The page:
Sam Brace – aka Mule from Skinny Lister – goes solo in 90s inspired set.
Release Date: 10th June 2022
Label: Elusive Music
Format: digital / CD
The Skinny Lister jellied eel eating champion steps into a new arena; that of the famed solo album where things could take off or go spectacularly awry, leaving said participant returning to the fold, tail between legs. and the promise never to entertain thoughts of solo stardom again.
Expectations of a variation on the day job, the riotous shanty punk and flagon swilling chaos purveyed by the Skinnies, can be put to one side. Why would he do more of what he normally does? Too much of a good thing leaves one wanting less and all that. So what form does the solo Mule take? For starters, the songs result from a collaboration with Adam Tarry, promising “90s rock-inspired” that could cover many sins: Oasis, Radiohead, Pearl Jam, The Cranberries, Pulp…take your pick. The mind boggles but at least it’s a broad palette.
One thing is guaranteed: the album title – the obsessive hyper-intense state that occurs with total infatuation as well as the pain when things come to an end – runs like a thread through the songs. In a nutshell, a celebration of those moments.
The single, Partly Coded, adds weight to the claim behind those inspirations. Do we detect a hint of baggy trousered Mancunian legends James in the sprightly bounce of the acoustic guitar? Probably fallen not too far from the tree we reckon. And should we expect the road the lead neatly down a similar path, the second single, Ultraviolet throws a curveball with a big rock ballad, power chords to the fore, that might contain a couple of Gallagher-esque solo nods but certainly adds its two penn’orth to the variety on offer.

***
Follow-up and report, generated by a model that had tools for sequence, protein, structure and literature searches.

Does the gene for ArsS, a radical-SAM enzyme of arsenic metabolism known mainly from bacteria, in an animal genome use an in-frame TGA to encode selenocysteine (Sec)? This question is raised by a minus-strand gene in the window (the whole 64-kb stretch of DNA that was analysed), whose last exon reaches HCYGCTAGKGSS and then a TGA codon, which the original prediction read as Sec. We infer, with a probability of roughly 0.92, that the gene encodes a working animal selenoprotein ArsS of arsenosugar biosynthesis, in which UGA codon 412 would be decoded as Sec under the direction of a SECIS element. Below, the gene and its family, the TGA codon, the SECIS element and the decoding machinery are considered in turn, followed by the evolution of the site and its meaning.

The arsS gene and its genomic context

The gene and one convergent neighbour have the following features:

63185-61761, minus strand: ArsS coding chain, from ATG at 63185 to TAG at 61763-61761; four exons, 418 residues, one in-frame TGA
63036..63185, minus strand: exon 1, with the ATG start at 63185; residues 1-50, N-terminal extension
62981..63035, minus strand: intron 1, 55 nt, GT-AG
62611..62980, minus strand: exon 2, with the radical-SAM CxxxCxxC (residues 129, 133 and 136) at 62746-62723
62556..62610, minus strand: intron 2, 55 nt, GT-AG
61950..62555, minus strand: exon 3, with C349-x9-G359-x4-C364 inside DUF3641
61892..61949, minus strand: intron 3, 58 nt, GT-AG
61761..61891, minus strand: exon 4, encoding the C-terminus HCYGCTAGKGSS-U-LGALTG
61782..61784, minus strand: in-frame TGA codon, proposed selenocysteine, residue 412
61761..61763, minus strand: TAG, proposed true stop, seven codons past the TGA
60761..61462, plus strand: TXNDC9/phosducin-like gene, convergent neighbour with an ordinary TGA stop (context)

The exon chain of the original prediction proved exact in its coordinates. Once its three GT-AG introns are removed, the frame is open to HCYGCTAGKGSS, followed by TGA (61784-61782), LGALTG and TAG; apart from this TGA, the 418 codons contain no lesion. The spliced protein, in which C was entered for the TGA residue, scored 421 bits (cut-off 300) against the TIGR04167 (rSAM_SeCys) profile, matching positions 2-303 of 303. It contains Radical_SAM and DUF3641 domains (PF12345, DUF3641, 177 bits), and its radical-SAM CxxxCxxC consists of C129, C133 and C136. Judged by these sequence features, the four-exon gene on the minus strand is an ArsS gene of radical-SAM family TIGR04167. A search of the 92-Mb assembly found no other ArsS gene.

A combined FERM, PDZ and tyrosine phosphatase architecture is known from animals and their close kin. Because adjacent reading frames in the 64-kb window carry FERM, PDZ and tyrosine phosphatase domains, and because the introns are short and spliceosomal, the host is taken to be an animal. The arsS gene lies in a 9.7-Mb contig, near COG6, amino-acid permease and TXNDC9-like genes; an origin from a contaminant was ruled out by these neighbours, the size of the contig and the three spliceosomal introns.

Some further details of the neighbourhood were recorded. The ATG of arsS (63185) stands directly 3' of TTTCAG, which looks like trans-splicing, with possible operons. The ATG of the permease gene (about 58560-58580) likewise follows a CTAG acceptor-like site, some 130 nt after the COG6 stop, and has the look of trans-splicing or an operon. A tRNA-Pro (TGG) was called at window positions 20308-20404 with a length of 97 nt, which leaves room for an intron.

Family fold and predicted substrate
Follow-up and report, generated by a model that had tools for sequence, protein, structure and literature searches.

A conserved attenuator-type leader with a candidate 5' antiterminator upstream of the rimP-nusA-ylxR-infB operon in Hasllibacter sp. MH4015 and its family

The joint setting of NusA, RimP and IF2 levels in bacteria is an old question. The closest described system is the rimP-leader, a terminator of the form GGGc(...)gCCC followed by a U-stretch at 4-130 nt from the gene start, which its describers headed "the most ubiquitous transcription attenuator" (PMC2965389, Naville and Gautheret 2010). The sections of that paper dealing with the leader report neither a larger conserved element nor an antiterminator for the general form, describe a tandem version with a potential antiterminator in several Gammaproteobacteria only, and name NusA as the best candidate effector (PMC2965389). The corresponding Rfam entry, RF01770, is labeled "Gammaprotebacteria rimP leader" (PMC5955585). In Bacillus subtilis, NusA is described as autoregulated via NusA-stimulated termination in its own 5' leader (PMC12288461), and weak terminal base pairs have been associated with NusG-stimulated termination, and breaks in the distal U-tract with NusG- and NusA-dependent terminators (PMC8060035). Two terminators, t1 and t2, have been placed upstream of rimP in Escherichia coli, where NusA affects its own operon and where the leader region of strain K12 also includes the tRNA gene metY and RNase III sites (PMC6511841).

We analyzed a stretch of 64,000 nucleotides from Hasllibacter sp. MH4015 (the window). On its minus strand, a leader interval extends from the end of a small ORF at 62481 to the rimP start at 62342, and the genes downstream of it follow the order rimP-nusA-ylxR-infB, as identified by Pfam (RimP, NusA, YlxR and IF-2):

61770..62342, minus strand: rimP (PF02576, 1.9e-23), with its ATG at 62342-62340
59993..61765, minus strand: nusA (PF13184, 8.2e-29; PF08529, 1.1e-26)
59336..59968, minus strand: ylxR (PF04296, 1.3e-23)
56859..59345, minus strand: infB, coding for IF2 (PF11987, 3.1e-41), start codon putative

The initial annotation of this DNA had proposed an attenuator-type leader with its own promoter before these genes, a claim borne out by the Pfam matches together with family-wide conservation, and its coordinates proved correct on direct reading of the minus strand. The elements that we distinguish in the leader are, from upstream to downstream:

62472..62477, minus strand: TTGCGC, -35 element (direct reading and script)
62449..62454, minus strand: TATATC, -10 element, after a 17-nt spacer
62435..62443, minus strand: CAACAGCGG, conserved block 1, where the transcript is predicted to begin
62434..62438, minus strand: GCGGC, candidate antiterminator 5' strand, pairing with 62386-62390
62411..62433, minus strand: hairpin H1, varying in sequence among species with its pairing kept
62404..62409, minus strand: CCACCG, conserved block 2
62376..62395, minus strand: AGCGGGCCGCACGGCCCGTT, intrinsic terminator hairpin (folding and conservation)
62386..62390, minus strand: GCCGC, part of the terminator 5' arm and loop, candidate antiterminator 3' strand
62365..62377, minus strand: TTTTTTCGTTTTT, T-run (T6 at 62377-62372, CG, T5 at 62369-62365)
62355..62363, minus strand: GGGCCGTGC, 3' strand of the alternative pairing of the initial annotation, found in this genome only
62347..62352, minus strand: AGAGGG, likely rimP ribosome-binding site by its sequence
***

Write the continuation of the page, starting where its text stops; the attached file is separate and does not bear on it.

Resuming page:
Crowns has him declaring “this is not a drill” – is that a line from a Skinny Lister song? – and he croons through a lovely big ballad (I’m thinking potential Bond theme given less of a guitar part and more awash with strings) on Panic, all the while avoiding any conscious references to the day job. Even when he goes into Year Of Punk which by it’s very nature is suggestive of a particular mood, the song heads into the guitar pop territory of Morrissey and Marr. If anyone is seeking a more punk-y fix, then Fine Adjustments offers that; the spirit of the age has the potential to induce a little touch of pogo-ing.
The moody, broody pop continues and as we hit the final lap; there’s a distinct Radiohead vibe with Clean Air Turbulence even going as far as the languid Thom Yorke drawl and as a final reminder, Hello Hell has the clear potential to surface as another single offering to reboot the album maybe in a few months time. “This is the time to be brave,” he sings in, erm, Brave and fair play to Sam for taking a ride out of shantypunksville and showing us where his influences (and possibly his heart) lies.
Here’s Partly Coded: